One of the things that I love the most about cognitive science is that it’s always challenging our intuitions about the world and how we perceive it. Think, for example, of all the classic Gestalt illusions, such as my all time favorite, the Kanizsa Triangle. What these illusions, and many other findings over the history of the study of visual perception show is that perception doesn’t simply represent the world “as it is.” Instead, perception is a fundamentally creative process, relying on inference, subtraction, and all sorts of other alterations of incoming sensory data. Spend a little time in a cognitive science lab, and you will quickly be disabused of any inclinations towards naive realism.
I bring this up because there’s another example of the creative nature of visual perception in the November issue of Nature Neuroscience. The paper, by Hansen et al1, describes an experiment in which color memory changes the way we perceive colors. Participants were first presented with images of fruit in their normal color against a gray background (like the banana). They were able to change the color of the object in any direction, and were told to manipulate the color until the fruit looked gray like the background. When adjusting the color of the banana, for example, to gray, participants actually overadjusted in the direction away from the banana’s normal color. For the banana, this means that the participants treated a slightly blueish banana (blue is yellow’s opponent color). This suggests that their memory for the normal color of the banana affected how they perceived the color gray for bananas. As Hansen et al. put it:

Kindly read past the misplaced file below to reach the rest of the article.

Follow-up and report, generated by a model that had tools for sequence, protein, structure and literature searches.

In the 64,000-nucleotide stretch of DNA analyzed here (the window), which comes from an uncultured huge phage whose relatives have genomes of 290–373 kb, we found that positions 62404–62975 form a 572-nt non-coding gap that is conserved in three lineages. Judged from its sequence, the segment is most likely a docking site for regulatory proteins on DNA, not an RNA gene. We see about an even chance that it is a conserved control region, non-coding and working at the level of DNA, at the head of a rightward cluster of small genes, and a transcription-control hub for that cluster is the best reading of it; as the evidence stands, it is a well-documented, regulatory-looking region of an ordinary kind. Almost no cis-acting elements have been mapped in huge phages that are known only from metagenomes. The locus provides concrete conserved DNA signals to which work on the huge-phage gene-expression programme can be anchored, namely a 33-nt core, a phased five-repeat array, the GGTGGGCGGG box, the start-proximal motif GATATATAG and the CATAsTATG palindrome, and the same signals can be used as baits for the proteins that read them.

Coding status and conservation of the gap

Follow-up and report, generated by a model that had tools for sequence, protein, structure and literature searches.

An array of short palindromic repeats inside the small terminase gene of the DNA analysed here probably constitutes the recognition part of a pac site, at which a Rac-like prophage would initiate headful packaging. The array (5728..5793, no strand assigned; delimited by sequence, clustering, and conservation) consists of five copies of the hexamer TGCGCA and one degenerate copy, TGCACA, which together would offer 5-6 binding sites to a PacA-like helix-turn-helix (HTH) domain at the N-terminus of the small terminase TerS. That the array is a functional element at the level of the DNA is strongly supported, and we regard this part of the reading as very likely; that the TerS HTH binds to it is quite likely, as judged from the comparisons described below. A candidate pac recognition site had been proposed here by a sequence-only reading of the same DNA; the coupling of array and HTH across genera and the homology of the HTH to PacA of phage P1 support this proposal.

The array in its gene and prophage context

[M]emory seemed to have a direct top-down effect that continuously modulated the incoming sensory data and changed basic color sensations.
1Hansen, T., Olkkonen, M., Walter, S., Gegenfurtner, K.R. (2006). Memory modulates color appearance. Nature Neuroscience, 9, 1367-1368.